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How to Plan: Protect your Data when Things Go Wrong

Published on 24 March 16

There’s no straightforward way to plan for disaster. There’s no way to guarantee stopping it from happening, but what you can do is to take steps to mitigate the damage when it does. It requires a well-thought out plan. Here are our top tips for protecting your data when disaster strikes.

Prioritize your Critical Data with an Assessment

Carry out an assessment to know which data is critical to running your business. The majority of your data may not important to your day to day operations and many recovery analysts say businesses should follow the 80/20 rule. This means that 20% of your data is mission critical or regularly used while 80% of the data is occasionally used. Once you have identified your most critical data, you can develop a Disaster Recovery Plan to restore this data first.

Understand how long it will take to get your Data Back

Whatever data recovery method you choose (cloud, disk or tape) understand that each comes with different timeframes in getting your data and applications back onto your systems. Bearing in mind that your business needs to regain functionality as soon as possible. You need to determine howlong you can afford for your operations to be down. Can you survive 24 hours? Or do you need to be up and running within minutes? There are different costs associated with different recovery times and methods, so find the right balance between cost and restoration time.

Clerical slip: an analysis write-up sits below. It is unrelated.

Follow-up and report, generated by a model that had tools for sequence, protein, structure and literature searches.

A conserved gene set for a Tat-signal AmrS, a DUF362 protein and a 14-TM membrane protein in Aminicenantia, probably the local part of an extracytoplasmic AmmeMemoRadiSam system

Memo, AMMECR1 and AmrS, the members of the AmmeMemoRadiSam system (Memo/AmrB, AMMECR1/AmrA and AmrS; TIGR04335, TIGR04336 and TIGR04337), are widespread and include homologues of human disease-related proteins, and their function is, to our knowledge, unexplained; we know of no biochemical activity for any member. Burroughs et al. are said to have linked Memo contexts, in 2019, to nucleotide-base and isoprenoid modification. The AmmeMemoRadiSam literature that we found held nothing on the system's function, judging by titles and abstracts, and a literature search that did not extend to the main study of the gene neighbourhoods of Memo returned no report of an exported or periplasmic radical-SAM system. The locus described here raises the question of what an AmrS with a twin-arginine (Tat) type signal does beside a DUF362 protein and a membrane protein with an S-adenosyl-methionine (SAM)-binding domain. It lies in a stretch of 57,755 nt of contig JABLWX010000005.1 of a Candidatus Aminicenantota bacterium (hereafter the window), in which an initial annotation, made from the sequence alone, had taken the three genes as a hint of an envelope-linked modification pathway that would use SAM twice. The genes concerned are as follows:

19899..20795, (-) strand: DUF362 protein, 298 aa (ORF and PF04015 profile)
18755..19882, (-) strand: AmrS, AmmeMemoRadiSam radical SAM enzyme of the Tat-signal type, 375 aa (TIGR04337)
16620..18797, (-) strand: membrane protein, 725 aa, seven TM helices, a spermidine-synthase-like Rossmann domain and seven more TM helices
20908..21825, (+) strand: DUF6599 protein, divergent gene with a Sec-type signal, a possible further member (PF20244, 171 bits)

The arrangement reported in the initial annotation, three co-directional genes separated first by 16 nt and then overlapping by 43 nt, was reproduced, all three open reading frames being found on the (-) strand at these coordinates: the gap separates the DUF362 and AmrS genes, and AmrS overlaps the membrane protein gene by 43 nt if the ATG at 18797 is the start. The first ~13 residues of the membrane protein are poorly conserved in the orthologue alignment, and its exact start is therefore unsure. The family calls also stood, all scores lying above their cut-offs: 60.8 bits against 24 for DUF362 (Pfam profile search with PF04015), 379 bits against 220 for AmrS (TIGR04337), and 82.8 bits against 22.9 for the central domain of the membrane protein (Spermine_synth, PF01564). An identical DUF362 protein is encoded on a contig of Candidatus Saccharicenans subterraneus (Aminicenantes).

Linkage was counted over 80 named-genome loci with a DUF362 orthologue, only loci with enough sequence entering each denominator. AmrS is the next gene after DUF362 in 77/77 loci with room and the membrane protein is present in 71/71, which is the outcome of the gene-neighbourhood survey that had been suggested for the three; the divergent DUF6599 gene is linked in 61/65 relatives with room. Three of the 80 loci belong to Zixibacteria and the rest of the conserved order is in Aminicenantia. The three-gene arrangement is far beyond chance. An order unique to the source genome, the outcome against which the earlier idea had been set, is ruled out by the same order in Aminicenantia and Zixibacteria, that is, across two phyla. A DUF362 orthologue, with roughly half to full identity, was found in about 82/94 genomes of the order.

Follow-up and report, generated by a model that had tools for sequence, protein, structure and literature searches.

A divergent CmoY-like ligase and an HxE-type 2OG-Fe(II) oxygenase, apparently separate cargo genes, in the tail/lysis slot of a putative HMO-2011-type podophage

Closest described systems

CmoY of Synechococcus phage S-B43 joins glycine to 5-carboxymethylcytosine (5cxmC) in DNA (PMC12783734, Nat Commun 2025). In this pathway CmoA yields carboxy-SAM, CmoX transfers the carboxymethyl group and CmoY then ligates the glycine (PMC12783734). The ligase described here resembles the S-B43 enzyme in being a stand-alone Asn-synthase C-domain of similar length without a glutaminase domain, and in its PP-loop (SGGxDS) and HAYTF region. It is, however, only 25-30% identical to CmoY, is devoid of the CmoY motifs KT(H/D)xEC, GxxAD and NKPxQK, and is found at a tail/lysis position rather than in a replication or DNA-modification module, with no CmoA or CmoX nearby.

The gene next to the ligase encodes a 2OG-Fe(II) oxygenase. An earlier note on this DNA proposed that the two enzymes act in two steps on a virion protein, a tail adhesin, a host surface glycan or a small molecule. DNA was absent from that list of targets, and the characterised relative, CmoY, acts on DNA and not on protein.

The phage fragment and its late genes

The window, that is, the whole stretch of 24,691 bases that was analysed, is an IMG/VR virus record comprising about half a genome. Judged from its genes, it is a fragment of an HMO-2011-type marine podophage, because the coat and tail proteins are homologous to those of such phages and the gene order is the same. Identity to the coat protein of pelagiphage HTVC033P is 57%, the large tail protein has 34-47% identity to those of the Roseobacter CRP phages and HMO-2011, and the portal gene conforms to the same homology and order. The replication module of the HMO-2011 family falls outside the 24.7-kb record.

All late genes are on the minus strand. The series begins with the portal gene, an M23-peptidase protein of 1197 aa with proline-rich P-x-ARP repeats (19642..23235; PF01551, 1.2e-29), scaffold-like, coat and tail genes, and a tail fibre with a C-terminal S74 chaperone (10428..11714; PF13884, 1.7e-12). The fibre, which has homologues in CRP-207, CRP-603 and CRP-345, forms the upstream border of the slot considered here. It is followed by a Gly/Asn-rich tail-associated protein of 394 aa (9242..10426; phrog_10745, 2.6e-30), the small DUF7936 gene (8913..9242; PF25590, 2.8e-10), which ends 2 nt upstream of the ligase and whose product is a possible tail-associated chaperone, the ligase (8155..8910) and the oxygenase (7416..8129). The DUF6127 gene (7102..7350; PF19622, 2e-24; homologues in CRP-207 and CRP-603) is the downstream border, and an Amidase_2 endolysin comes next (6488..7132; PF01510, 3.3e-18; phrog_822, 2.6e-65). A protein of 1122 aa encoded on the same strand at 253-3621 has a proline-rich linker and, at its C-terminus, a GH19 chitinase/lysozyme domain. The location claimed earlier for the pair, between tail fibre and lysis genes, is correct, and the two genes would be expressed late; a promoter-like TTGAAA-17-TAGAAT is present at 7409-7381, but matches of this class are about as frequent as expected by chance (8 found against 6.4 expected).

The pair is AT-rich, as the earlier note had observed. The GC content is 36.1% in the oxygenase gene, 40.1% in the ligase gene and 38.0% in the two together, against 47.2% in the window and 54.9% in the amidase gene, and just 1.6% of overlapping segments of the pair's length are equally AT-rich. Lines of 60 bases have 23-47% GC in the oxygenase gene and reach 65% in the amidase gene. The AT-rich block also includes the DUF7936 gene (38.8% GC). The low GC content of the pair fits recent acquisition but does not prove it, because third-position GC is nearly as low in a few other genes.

Get Cloud Back Up

Traditionally, backups are stored on hard drives either on or offsite. With cloud computing, all your company’s data can be backed up offsite on a regular basis. This means that your office locations can be affected by fire or flooding and all hardware destroyed, but your data remains intact. You can retrieve the data and recover to an alternate location and quickly get your infrastructure back online.

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Depending on your size, Cloud is all you Need

Typically, organizations would backup to tape and/or disk and rotate offsite. Smaller organizations may be able to backup to the cloud exclusively. Larger organizations will benefit from a mixture of onsite and cloud backups. This is due to the size of data and the speed of their Internet connection.

Perform a Disaster Test

Have a data recovery plan and test it. How long does it take to recover from a failure? Is the recovery time acceptable to your organization? Test your backup and recovery process. Make notes about the amount of data, the permissions and shares. As you recover data, make notes of any issues encountered during the process. Work through the issues and retest. The goal is to feel comfortable with the backup and recovery strategy for your organization. The key is to monitor and test frequently!

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